JM has a question about the Japanese national pension system:

“I am an American citizen and permanent resident of Japan and have been living and working in the country continuously since 1988. During most of this time, I have been employed as a “local” hire by my company, and contributed to the Japanese pension systems. However, for two periods together totaling 68 months I was employed in an expatriate capacity, and did not contribute to the pension systems. Is it possible for me to make back contributions to the national pension system, and thus “recapture” the lost 68 months?

Also, I have seen conflicting information regarding eligibility for receiving one’s pension after retirement. Many sources indicate that 25 years of contribution to the pension systems are required to receive a pension, i.e., if one were to contribute even 24 years and 11 months, no pension could be collected. Other sources, including the Social Insurance Agency’s website, seem to indicate that although 25 years of contribution are required to receive a full pension, if one were to contribute less than 25 years, a prorated pension could be received. Could you confirm whether or not a prorated pension is possible?”

We called the local pension office about your predicament, and they asked what pension system you were (and are) paying into (the national system or employees’ pension system), what country you worked in as an expatriate, and other case-specific questions. As we don’t have that information, they were only able to offer general answers and stressed the importance of visiting your local pension office and discussing your situation directly with them, as they are best able to help you. However, here’s what we found out:

First question: is it possible to make back payments?

According to the Japan Pension Service, the only people who may make back payments (up to 120 months) are those who were exempt from making contributions for some period of time. Persons who qualify for exemption include anyone unemployed or with low income, students (in special cases), and other related cases. So, you would have had to apply and qualify for an exemption to be able to make back payments now.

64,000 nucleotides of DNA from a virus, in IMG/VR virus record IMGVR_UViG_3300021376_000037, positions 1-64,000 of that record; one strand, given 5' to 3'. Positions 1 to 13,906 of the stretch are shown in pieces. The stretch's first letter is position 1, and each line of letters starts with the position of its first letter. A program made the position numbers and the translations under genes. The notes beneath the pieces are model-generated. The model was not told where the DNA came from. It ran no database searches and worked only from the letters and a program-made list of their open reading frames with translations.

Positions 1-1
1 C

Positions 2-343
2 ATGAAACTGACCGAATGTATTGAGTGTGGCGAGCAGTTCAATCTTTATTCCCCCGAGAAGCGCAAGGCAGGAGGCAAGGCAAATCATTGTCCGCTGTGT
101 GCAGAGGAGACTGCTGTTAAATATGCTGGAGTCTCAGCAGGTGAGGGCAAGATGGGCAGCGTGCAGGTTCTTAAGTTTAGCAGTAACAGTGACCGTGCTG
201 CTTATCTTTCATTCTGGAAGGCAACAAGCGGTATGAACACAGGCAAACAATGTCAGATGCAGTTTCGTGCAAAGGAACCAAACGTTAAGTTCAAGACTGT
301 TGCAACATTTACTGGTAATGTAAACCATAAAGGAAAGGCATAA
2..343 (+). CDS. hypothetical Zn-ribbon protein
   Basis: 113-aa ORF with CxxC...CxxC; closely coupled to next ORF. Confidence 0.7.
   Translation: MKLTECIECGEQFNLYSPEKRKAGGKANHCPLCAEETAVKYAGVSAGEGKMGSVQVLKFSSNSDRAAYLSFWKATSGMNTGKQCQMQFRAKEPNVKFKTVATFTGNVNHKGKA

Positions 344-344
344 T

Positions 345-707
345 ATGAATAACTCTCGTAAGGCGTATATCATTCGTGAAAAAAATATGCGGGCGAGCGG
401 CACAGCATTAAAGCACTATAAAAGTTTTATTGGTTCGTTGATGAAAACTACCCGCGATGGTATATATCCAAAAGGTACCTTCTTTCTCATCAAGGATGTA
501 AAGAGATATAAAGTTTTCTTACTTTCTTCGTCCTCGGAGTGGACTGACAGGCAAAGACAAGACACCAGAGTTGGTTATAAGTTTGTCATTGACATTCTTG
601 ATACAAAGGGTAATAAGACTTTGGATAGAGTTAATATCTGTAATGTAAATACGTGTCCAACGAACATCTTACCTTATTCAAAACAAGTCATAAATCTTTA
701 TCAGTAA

However, you indicated that you worked abroad – did you pay into any pension programs in the country or countries you were employed? If the country has a social security agreement with Japan and you made pension contributions, the payments may count toward your total contributions in Japan. The rules concerning this vary by country, so you might not qualify, and only certain countries have this kind of agreement with Japan.

This leads me to your second question: Are monthly contributions required for a total of 25 years in order to receive pension payments in retirement?

The official answer from the Japan Pension Service is that you cannot receive payments unless you have paid for a total of 25 years. They offer no proration except for those who were exempt at some point. However, they did say it is possible to assess on a case-by-case basis and emphasized going in person to your local pension office to discuss your situation. Don’t forget to bring along your pension book.

You can find some of the information above via this page (English):

To locate the nearest pension office, see this page (Japanese):

(Thanks to David Thompson for his research assistance.)

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